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Lush Introspection

The Sea and Cake return to Tucson with a new album, Any Day

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Nearly two-and-a-half decades and 11 albums into their career, Chicago's The Sea and Cake have carved out a cozy and enviable but still cultish corner of the indie rock world for themselves. This is a band that is adored by those in the know, though those numbers are still relatively low. Some would say way too low; others prefer that they're still, after all these years, in on a bit of a secret. The Sea and Cake is one of those bands that it's cool to namedrop.

Yet the three current members—singer and guitarist Sam Prekop, guitarist Archer Prewitt and drummer John McEntire—have the look of everymen. There's nothing overtly rock 'n' roll about the guys, no flash or pizazz, no showmanship. But then that vibe of normality is reflected in the music.

Since the 1994 self-titled debut album, the band has written and released songs that have blended a contemporary indie vibe, electronic instrumentation incorporated, with classic jazz elements. Dreamy, sweet melodies frame poetic, honest, often witty lyrics. Even the band's name is an in-joke—a play on the Gastr del Sol song "The C in Cake."

"It's evolved gradually and slowly but by a lot," Prekop says. "I really don't think any of us planned on the band lasting this long. It's been a pleasant surprise. I feel we've become better 'players,' but without losing a certain surprise element that keeps it interesting. I'm already looking forward to working on the next record."

That enthusiasm is reassuring. The band's 11th album, Any Day, dropped this year, six years after 2012's Runner. As has been the case from the very beginning, the albums were released on former Atlantic Records A&R rep Bettina Richards' Thrill Jockey Records. Prekop says he's pleased with this one.

"I can't imagine releasing a record that we weren't 'pleased' with," he says. "It was a tremendous amount of work which is always the case, but to feel you've really accomplished something is never easy."

That sense of accomplishment is something that's evidently important to these guys; both Prekop and Prewitt are also respected artists, as was former member Eric Claridge, who painted a lot of the album covers. Prekop's photographs have also been used on the sleeves, and the frontman has published his own comic books. That keeps him busy, but music is never too far from his focus, whether that be recording or touring.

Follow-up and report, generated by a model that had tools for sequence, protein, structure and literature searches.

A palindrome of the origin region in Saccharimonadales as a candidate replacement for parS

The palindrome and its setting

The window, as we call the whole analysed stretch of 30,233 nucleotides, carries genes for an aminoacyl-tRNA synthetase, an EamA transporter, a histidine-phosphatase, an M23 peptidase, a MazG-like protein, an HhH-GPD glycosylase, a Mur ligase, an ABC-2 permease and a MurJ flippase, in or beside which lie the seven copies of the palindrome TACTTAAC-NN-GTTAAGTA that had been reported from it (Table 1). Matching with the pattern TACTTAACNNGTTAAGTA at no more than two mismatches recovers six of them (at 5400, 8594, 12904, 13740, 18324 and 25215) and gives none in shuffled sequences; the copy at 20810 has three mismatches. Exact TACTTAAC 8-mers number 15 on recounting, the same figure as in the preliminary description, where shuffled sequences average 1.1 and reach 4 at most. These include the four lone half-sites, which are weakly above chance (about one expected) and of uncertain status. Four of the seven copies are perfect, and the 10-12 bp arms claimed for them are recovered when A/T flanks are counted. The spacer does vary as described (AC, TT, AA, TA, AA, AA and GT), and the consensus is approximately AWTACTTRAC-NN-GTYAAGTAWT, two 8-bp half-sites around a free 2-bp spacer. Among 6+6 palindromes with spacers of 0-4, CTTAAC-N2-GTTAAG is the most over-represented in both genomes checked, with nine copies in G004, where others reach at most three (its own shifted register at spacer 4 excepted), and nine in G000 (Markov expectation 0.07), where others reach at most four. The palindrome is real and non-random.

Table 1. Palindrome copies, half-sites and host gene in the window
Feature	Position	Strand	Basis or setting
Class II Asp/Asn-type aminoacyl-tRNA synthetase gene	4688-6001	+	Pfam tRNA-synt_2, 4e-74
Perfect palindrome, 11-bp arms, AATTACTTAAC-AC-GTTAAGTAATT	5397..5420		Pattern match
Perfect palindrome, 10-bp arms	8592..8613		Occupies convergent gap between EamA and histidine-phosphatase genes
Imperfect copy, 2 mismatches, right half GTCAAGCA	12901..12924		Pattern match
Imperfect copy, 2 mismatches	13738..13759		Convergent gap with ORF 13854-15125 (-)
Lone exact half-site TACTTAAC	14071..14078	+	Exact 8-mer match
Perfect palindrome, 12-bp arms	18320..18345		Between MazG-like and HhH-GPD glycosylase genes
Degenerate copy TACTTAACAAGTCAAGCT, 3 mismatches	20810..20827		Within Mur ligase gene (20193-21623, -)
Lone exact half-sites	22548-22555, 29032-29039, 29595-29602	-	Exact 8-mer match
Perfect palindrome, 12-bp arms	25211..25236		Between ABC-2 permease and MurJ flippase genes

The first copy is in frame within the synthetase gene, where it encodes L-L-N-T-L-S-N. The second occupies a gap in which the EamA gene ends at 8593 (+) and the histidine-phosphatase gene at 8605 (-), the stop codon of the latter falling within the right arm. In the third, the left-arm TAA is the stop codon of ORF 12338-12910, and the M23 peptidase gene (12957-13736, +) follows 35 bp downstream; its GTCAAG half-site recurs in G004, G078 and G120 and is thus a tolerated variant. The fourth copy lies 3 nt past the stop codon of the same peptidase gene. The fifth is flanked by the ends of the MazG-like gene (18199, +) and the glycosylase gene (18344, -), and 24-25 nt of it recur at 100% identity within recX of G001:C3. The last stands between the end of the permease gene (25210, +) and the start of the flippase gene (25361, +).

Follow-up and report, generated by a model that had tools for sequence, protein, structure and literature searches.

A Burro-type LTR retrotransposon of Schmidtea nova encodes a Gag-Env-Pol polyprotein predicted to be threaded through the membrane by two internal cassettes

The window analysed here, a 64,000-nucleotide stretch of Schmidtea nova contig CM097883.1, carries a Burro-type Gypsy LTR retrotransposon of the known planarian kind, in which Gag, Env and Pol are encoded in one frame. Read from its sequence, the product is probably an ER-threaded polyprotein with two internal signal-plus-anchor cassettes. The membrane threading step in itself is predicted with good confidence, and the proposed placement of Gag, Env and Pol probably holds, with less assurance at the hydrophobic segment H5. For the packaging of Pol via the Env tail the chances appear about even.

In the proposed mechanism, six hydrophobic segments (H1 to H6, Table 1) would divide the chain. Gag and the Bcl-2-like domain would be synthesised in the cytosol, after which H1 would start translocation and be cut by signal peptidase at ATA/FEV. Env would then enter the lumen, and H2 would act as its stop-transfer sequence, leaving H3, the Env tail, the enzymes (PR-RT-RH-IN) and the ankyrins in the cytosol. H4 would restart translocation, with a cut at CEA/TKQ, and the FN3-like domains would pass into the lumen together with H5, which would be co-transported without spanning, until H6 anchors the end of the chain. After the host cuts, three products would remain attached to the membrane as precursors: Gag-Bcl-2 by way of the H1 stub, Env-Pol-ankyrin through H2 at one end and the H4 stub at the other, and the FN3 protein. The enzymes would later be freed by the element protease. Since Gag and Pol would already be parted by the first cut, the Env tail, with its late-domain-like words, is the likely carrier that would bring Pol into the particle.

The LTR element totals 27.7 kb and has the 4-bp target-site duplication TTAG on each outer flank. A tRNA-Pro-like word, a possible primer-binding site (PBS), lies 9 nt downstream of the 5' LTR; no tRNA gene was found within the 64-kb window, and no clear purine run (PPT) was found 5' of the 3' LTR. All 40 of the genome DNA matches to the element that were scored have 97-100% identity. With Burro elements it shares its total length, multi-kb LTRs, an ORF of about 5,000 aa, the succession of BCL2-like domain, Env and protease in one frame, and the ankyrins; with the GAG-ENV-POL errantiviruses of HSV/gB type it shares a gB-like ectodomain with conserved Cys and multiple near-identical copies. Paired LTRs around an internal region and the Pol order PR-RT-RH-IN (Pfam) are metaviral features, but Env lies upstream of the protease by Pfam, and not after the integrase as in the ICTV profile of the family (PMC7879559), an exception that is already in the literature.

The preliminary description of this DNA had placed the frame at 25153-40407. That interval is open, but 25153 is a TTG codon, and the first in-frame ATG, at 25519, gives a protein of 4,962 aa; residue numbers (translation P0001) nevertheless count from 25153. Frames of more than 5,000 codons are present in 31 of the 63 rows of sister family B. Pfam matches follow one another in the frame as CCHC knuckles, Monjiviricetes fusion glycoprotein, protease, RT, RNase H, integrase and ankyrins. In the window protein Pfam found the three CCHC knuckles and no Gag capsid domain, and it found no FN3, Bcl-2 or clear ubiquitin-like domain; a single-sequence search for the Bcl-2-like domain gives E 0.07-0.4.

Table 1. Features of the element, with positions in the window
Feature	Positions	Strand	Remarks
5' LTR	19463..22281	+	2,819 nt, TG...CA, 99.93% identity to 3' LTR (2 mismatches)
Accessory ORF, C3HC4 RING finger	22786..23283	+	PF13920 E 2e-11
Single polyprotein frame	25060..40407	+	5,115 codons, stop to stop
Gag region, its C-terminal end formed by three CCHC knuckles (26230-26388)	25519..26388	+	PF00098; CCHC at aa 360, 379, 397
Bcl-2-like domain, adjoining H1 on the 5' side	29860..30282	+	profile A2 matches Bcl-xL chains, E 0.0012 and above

"I can't say I prefer one over the other really, [but I] will say I have been enjoying this tour quite a bit," Prekopp says. "The shows have been excellent. I really quite like traveling in general. I feel that touring is definitely easier than making a record. Once you get through the first couple of shows and are feeling confident performing new material, playing live is really satisfying and a lot of fun."

Any Day is a typically lush, introspective piece of work, and the LP version is decorated with more appropriate-yet-cryptic photographs. The album proves that these musicians won't allow the quality to drop. We asked Prekop, though: What does he write about nowadays? What inspires the band?

"I'm not the type of writer that would explicitly lay out any sort of commentary on social/political climate," he says. "However, it of course has an impact. I will say that 'These Falling Arms' is a song that grapples with, if somewhat abstractly, the current Trump folly/embarrassment."

That makes sense; there's a line that goes "How will I find a decision to go with" that Prekop repeats during that song, that reflects the frustration felt by many Americans. What the hell are we supposed to do about all this? And how do we live with the consequences of our decisions when we do make them?

Still, The Sea and Cake are not delving deep into socio-political issues and potential solutions. Rather, Prekop and the band focus on the human side—our emotions and reactions that develop inside when perhaps hell is breaking out around us. By examining and exploring those inner thoughts, the same approach to politically-minded lyrics can be taken to any other subject matter.

Whatever they do, it works for the band. Prekop also points out that the collaborative nature of the group has been key.

"I consider the band absolutely a collaborative entity so the lineup is the band and if it were changing it would be hard for me to call it a band," he says. "We consider our extensive experience writing and playing together over so many years absolutely critical to the sound we make."

On June 15, the band performs at 191 Toole and Prekop says that, while they've played in other cities more often, he recalls having some excellent shows in Tucson. He's anticipating nothing less this time around, and he's looking forward to showcasing tunes from Any Day for us.

"About half the set has been focused on the new record, and we play at least one or two songs from all of our records, so it's quite broad range of material," Prekop says.

At this point, the band sure has enough quality material to pull from when looking to fill a 90-minute set. And, being the forward-thinking artists that they are, it's not surprising that they weigh the set heavily in favor of the most recent work. By the sounds of it though, it won't be long before there's a new record to promote.

"We have more touring planned for the fall, and we're looking forward to start working on a new record," Prekop says.

Apparently, these guys still have stuff to say.

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